Erick [14:17]: Usually the contract that we have with the startup is in three to five years. We look at the business, we assess the business, and then we say to the startup, okay, this is a strategy that we see for you to develop. And then we need to find an agreement on the way the strategy has to be implemented. And if we find this agreement and we say, okay, we’re both comfortable with the strategy, let’s do that together after one year normally we hope that we have achieved the KPI and from the moment we get the KPI, we get rewarded with equity.
Justin [14:50]: From there, the focus is scale.
Erick [14:52]: Then the second year for us is to focus on how can we scale, how can we duplicate the value. And that’s why the second year of KPI is often to help them scale and develop the attractiveness to other markets. And also this is the moment where they will normally raise more money.
Justin [15:12]: At the end of the day, it’s a model that is unique and custom to the environment in which African startups find themselves in.
Erick [15:18]: The entrepreneurship ecosystem in Africa is pretty young. And I’ve seen that as investment organizations, we need to renew ourselves, to serve better our partners. The direct different direction that GreenTec has taken so far were based on new ideas, testing new solutions, looking at what the market needs, and not saying that, okay, nobody’s going that way, it’s not possible. It was more like, we feel like there’s a need in that space, let’s see how we can try to fill it and address this gap. And I think that we want to continue to be in those shoes of an organization whose innovating for the benefit of the entrepreneur.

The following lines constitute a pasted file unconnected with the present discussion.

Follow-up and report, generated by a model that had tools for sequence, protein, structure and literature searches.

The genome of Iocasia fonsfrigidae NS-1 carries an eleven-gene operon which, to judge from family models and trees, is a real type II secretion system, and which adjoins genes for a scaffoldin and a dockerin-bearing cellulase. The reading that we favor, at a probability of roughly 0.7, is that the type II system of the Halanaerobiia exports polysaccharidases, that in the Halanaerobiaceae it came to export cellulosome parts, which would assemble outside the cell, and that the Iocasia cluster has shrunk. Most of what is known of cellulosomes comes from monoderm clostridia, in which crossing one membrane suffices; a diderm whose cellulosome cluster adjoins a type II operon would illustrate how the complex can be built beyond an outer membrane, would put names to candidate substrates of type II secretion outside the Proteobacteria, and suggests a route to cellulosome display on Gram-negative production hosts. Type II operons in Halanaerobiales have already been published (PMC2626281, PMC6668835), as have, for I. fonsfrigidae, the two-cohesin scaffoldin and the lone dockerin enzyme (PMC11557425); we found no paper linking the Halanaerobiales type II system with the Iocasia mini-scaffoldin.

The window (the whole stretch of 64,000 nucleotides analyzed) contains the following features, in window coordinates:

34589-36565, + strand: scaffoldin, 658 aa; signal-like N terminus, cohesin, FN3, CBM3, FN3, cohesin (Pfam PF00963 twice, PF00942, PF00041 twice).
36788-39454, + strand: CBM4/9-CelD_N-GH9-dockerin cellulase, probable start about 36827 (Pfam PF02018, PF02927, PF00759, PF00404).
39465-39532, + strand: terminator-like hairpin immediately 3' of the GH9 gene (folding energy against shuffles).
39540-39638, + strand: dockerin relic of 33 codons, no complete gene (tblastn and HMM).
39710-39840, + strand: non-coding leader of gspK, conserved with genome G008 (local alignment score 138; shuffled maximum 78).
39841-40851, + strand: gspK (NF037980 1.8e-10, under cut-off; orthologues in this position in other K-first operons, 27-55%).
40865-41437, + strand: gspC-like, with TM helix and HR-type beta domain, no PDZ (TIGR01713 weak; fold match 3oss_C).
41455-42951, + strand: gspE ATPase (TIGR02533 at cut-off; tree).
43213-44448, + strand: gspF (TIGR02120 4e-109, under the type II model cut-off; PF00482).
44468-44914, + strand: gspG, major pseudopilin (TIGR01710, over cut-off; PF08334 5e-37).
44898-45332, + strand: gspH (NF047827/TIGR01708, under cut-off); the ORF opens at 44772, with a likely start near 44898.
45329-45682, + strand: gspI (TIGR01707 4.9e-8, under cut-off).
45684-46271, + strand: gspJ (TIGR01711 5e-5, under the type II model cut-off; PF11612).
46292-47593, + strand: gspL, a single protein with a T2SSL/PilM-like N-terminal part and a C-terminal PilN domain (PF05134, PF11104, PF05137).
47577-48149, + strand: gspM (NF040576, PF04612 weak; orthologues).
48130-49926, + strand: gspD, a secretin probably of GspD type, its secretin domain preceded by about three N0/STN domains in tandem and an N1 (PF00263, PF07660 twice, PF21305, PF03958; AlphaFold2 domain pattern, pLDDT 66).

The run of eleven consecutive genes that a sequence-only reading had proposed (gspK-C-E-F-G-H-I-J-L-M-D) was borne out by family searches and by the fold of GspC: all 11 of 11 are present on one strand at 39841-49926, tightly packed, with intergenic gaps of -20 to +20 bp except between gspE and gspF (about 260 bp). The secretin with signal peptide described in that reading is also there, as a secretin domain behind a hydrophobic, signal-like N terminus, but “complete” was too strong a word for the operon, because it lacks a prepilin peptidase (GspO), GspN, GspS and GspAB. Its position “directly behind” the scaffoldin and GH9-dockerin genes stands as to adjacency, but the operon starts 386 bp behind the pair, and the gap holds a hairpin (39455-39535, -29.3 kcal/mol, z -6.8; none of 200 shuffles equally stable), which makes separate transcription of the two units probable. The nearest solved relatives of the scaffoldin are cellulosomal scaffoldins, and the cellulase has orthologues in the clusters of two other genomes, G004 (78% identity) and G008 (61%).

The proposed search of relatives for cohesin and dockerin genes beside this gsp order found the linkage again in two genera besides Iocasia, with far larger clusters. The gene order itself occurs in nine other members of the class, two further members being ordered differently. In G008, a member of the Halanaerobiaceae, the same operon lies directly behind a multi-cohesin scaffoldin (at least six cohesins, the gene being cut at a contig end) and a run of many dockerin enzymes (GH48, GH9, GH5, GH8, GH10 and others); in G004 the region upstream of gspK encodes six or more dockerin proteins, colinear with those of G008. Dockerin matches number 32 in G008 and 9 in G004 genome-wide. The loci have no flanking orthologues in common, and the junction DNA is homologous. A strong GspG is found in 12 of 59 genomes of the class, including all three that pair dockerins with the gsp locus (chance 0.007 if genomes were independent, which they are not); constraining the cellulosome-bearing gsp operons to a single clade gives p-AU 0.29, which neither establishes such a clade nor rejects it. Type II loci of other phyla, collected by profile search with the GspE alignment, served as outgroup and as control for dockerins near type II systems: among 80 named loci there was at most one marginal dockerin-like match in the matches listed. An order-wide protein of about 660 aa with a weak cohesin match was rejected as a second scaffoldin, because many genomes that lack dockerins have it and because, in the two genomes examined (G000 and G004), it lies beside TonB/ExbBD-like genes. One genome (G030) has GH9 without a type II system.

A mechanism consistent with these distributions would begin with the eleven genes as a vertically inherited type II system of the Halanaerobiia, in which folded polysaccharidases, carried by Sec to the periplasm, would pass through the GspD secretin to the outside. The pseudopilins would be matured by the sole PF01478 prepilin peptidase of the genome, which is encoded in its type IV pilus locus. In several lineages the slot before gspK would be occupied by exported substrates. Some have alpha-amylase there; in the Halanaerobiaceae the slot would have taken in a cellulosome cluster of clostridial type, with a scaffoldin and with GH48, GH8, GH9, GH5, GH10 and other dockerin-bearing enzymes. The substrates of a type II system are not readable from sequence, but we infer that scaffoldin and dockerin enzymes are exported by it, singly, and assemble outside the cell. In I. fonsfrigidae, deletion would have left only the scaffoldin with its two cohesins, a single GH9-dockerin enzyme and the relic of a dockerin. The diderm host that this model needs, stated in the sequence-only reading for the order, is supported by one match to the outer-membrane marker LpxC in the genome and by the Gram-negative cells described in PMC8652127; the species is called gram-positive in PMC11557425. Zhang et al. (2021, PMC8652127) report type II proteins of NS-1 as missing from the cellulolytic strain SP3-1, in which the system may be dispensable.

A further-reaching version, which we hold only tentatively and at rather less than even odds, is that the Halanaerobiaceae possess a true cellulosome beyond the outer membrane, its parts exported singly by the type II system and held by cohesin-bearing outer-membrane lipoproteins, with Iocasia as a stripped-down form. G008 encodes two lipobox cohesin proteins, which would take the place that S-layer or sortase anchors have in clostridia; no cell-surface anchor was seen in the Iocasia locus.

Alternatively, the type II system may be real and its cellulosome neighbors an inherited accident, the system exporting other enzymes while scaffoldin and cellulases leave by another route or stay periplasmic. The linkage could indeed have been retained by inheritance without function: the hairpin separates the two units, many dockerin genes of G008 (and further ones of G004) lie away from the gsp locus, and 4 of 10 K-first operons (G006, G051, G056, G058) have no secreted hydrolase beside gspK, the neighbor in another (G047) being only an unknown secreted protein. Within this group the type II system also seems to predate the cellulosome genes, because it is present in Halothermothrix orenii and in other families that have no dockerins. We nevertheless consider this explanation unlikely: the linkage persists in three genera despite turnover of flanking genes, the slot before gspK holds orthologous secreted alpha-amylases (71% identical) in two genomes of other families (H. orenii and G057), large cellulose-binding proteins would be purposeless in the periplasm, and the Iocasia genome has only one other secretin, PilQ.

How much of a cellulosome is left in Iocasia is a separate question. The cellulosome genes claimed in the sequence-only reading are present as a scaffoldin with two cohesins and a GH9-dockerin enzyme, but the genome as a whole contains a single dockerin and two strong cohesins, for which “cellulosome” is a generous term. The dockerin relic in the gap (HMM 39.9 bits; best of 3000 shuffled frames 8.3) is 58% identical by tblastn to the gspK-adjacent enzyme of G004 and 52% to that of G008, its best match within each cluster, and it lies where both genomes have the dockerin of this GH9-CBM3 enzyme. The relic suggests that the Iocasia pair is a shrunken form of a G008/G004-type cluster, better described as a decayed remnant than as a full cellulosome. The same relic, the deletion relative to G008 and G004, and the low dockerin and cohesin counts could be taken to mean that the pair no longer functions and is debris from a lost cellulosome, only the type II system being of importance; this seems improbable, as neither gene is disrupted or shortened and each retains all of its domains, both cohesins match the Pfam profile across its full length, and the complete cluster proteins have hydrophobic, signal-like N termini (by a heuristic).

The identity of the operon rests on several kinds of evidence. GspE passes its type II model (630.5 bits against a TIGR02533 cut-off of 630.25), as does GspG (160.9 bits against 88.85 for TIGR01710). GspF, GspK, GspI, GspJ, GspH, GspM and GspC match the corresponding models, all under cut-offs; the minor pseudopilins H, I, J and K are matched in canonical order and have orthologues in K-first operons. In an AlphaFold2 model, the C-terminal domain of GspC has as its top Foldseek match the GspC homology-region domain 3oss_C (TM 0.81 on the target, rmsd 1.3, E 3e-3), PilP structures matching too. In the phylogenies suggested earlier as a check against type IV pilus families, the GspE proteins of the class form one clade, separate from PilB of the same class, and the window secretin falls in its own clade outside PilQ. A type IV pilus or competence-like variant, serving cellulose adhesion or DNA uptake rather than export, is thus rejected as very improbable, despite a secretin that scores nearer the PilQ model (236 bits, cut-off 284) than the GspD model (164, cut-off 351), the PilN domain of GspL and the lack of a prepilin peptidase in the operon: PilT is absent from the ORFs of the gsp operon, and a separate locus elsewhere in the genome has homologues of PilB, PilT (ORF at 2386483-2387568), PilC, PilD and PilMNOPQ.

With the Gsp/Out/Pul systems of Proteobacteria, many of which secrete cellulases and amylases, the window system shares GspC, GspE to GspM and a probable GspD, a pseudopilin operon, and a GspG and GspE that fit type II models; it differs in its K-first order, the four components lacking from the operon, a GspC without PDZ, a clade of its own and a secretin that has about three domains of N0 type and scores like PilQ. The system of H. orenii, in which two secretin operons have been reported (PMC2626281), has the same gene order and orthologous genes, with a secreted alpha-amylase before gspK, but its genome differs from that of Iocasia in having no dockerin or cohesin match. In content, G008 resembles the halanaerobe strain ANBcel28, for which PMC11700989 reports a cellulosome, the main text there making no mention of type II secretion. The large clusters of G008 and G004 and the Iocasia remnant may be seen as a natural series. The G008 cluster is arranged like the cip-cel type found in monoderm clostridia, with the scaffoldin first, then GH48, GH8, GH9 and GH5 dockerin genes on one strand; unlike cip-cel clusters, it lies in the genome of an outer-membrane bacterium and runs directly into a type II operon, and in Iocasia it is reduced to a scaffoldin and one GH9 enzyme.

Justin [16:07]: So while Founders Factory has a more traditional commercial model and GreenTec Capital Partners employs a performance-based Results for Equity model, another venture builder, again, takes things another step further.
Maelis [16:17]: My name is Maelis Carraro and I’m the director of the Catalyst Fund, managed by BFA global. Our mission at Catalyst Fund is to help early-stage entrepreneurs across emerging markets build fintech solutions that improve the lives of the 3 billion people around the world that are currently underserved by the global financial system.
Justin [16:36]: Maelis and Catalyst Fund, much like Lwazi, Sam and Erick, strongly believe in the merits of the venture building model. For Maelis, it was born out of her own entrepreneurial experience.